One thing that’s starting to annoy me in a lot of recent YA literature is the complete “white bread” cast. It seems like minorities just don’t seem to exist in most of today’s youth lit. There is a major lacking in African American main characters, as well as Latin/Hispanic, Asian, American Indian, etc. I’m not sure if it’s because people of those minorities aren’t writing YA novels or because people feel like they don’t know how to represent people of other ethnicities well enough.
It’s not just other minorities that are missing, but people of different religions or with mental and/or physical handicaps. Characters with diseases that don’t end in supernatural powers and characters with differing sexual preferences are next to non-existent as well.
As authors, we want our writing to be realistic (even if it’s fantasy) and that means our casts should be varied with all types of characters. Not only will it add to the story, but it lets you work in aspects of different cultures and love and tolerance towards all. There’s no reason why the hot “white” jock can’t fall for the stunning African American girl on the dance team. No reason why the cute red headed Irish guy can’t fall for the exotic new Asian boy in school.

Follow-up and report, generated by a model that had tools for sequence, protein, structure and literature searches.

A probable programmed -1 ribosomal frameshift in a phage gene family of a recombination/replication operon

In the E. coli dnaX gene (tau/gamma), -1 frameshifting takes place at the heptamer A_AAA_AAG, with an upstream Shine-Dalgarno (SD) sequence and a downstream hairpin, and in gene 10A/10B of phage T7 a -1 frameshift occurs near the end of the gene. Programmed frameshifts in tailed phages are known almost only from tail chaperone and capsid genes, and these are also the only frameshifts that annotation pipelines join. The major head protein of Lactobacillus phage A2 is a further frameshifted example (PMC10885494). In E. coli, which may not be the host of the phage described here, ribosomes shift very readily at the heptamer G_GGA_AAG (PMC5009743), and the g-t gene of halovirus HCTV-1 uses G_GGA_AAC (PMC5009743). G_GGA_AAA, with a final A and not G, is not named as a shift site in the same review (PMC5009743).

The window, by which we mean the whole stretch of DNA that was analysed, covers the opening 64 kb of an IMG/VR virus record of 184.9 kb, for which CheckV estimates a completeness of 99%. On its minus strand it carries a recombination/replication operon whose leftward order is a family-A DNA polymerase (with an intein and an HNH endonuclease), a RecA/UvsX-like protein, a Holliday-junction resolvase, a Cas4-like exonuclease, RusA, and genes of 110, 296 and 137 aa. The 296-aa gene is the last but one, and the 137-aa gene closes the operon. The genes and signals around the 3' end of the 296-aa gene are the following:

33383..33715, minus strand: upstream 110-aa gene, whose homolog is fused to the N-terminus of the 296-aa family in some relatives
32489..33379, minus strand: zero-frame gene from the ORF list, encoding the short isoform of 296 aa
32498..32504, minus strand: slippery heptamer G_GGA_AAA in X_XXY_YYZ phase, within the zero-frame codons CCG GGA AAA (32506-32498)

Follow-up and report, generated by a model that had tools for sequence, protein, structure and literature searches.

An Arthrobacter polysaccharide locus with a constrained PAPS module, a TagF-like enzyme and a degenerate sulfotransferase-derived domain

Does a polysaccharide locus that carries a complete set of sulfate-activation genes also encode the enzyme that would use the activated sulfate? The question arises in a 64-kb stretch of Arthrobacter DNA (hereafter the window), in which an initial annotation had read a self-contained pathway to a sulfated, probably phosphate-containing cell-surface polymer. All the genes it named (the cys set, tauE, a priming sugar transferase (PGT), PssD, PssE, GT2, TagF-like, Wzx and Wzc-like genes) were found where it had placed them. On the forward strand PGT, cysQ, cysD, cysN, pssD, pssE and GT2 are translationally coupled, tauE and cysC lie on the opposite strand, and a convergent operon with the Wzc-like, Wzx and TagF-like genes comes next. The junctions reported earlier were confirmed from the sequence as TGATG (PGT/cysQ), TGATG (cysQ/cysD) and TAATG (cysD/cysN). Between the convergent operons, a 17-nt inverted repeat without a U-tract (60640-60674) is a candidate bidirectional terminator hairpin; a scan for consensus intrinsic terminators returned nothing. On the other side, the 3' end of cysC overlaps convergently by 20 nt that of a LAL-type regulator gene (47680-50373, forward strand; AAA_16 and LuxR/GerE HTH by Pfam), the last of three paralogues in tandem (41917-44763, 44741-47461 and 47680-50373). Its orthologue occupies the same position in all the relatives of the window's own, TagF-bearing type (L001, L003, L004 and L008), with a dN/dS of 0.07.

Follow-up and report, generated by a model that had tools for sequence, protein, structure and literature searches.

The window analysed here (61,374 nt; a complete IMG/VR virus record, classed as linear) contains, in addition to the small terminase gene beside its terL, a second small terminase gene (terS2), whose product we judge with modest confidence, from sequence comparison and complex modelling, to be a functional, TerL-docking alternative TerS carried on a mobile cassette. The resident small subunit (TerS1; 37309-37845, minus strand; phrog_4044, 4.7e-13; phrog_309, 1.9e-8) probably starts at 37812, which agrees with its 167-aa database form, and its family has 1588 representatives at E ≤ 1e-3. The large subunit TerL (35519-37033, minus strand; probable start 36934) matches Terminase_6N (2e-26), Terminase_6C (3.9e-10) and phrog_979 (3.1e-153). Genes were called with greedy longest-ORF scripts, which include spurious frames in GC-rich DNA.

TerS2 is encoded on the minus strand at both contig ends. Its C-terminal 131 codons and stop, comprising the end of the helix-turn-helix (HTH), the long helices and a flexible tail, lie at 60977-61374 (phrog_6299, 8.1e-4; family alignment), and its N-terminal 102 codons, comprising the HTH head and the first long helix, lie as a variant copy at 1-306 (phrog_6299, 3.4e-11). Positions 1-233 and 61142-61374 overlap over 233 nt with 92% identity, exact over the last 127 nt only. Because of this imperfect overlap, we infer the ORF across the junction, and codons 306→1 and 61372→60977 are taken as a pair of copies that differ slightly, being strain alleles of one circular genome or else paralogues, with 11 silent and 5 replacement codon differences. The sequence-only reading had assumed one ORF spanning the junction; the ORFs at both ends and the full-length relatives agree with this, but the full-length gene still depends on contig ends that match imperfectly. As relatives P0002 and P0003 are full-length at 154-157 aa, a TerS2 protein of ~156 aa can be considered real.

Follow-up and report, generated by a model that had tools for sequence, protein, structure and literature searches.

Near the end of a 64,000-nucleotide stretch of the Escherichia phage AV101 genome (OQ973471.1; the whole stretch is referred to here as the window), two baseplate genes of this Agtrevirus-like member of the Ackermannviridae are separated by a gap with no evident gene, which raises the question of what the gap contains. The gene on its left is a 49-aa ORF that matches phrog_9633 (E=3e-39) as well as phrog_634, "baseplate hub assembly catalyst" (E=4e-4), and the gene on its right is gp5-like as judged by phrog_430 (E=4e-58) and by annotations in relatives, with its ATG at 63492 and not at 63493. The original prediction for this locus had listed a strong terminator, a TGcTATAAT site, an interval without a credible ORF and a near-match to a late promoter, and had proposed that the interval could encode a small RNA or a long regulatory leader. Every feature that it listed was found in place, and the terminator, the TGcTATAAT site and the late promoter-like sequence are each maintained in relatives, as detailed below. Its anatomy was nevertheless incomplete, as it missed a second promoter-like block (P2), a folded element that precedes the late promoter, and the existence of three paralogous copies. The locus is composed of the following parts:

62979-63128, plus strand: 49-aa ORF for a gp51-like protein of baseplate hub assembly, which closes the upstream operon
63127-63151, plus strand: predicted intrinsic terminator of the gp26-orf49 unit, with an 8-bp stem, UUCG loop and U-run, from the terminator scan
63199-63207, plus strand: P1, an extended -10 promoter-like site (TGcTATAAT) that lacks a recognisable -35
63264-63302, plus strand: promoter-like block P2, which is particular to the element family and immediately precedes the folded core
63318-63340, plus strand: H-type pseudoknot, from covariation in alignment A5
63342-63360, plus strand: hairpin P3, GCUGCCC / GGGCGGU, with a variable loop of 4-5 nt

Don’t be afraid to make your characters realistic with disorders and disabilities, these are things real teens deal with everyday, whether it’s Diabetes, ADHD, Autism, depression, eating disorders, etc.. Just be sure to research the affliction first so you know some of the symptoms/characteristics and treatments. You can’t be realistic going on hunches and what you “think” you know. Look it up.
I think to diversify our characters allows us the chance to introduce different types of people and cultures to parts of our audience that may not see such things outside of their own communities. I think we have to be careful as well not to make those characters a walking stereotype. I think that is something a good beta reader can help alert you to.
Take a chance and round out your cast. It will make for a better story and appeal to a larger audience.
Have you written characters who are different than you?